How to deal with BYOD
Most companies have adopted policies in the past that allowed employees and guests to access the corporate wireless network, maybe even access internal resources using a VPN or VDI solution. Now employees are demanding to be able to work directly on their devices. In order to allow this there are certain requirements any department will have in place to protect the data. Enter one of the newer features to any BYOD solution, pre-authentication profiling and posturing. This sort of technology existed before in many forms, but looking back, the integration of it into the access control system seems like that's where it should have resided all along. Many companies will start using these solutions to give employees the ability to work natively on their machine, but give IT visibility into the health and validity of the system.
Posturing: In the posturing portion, probing a machine (using either a client or disposable application) for it's OS patch level, antivirus worthiness, and more before giving access seems to be key in many IT departments. Having this information and giving the network the ability to react to it accordingly seems to be the peace of mind that IT managers were looking for.
Profiling: This allows the network to change variables based on device type, OS type, and even jailbreak status. All the manufacturer claim their method of gathering this info is the best, and they all do it in different ways. What this gives a department is the ability to decide that an Android device is welcome on the network, but not at the same access level as a person on their laptop. An iPad may only need web access and need to be rate limited so users aren't watching Netflix in HD on the corporate pipes. You can limit the resources they have access to because simply, a mobile device operating properly shouldn't have the capabilities to do certain functions. You can take it another step and decide that a jailbroken iPad or rooted Android device aren't allowed because they pose a vulnerability to the safe operation of the network. The list goes on.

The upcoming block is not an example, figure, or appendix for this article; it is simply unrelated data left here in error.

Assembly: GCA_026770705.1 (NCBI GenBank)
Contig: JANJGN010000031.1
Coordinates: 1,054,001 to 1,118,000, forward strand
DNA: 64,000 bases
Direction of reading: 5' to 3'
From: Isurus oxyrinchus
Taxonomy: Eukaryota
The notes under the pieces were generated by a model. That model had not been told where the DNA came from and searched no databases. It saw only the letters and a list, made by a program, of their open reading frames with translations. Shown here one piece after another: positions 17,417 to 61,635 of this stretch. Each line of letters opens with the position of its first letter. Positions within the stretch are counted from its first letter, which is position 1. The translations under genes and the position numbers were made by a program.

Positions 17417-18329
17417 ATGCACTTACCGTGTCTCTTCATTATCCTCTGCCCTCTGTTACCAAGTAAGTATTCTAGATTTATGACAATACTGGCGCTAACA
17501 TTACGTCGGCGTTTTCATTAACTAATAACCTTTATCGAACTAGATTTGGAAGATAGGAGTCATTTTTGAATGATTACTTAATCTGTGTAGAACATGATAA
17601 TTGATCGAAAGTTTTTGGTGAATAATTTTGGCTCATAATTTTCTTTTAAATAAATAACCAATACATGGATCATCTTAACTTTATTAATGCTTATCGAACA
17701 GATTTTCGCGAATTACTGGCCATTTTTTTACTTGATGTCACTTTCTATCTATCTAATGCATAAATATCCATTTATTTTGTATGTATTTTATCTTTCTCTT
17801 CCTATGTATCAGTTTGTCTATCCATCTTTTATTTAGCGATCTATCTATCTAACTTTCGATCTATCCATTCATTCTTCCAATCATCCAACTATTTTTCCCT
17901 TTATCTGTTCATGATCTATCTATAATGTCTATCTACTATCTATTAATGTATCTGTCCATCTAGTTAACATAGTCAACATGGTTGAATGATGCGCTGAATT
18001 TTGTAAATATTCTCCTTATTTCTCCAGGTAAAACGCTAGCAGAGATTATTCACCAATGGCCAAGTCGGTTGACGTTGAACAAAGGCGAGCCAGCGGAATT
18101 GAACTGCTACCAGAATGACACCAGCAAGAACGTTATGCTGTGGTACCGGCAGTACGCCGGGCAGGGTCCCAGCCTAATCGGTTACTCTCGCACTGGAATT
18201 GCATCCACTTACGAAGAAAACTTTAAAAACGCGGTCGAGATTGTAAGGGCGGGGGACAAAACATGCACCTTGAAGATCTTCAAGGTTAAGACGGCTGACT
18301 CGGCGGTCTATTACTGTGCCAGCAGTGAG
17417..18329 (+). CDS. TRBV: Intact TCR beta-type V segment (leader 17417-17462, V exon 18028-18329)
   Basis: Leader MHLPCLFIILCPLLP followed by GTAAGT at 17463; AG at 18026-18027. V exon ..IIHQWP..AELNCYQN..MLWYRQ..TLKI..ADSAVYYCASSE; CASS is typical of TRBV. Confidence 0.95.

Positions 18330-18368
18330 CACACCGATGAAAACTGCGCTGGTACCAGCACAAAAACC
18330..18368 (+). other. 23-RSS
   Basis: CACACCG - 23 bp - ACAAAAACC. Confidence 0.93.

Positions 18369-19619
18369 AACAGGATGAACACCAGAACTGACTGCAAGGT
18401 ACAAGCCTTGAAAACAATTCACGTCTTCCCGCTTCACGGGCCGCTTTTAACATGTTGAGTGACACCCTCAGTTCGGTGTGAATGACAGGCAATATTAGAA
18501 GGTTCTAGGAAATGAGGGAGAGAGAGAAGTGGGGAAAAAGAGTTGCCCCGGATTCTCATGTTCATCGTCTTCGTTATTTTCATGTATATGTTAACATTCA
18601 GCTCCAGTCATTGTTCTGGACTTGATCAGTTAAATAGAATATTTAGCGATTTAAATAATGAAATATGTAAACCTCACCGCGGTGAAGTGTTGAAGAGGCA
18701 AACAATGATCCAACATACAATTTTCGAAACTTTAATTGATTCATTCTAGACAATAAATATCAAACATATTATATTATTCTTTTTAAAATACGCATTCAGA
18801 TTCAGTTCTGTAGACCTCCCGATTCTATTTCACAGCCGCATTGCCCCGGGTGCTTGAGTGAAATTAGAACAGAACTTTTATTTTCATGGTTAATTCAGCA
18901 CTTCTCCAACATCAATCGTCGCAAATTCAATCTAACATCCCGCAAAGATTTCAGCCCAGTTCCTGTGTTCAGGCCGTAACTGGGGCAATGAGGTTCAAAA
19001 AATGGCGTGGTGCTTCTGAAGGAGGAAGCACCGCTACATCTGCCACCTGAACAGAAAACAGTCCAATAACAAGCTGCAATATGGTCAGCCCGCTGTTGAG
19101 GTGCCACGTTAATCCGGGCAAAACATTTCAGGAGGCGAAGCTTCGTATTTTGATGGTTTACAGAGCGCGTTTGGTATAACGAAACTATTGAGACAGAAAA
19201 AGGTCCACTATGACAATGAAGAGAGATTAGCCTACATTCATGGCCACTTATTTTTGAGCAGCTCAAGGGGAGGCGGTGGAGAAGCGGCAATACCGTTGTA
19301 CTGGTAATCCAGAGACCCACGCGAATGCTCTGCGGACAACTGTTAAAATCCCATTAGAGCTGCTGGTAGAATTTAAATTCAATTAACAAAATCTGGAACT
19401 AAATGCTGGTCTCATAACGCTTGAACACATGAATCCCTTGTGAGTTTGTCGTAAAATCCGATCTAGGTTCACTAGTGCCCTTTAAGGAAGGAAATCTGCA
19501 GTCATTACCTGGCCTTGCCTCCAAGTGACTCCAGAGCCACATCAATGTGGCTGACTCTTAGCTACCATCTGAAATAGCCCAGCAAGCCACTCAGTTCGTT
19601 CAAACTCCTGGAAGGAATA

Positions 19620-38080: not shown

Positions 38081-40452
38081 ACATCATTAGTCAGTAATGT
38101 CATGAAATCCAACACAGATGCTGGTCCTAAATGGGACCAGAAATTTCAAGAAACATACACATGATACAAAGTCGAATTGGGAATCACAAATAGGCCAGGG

Onboarding: When a client is accessing your internal resources you want to make sure the connection is as secure as possible. This requires some level of encryption and access control. The issue lies in the fact that not all client devices are able to connect to a secure wireless network easily. You want your employees to find the network, enter their credentials, and have everything else happen in the background. Certificates, registration, and joining the network happen seamlessly to the client. This is a fairly new enterprise concept but there are a few companies that have been facilitating this process using captive portals and java apps for a few years now.
Of course there are many more methods and facets of each of these technologies, these are just some basic examples.
The Future of BYOD
I think there is a long way to go before the wireless experience is truly considered as safe and secure as the wire, with changes needing to be made on both sides to accomodate. With the fast pace of wireless technologies, the evolution we see each year it is no doubt that wireless will catch up to wired. Until then, there is a lot to be learned from higher education and healthcare organizations and they will be leading the way into the future, shaping these products and feature sets. Early adoption will be highest among these verticals to combat an issue that has been around as long as wireless itself and is just now seeing true solutions to the problem.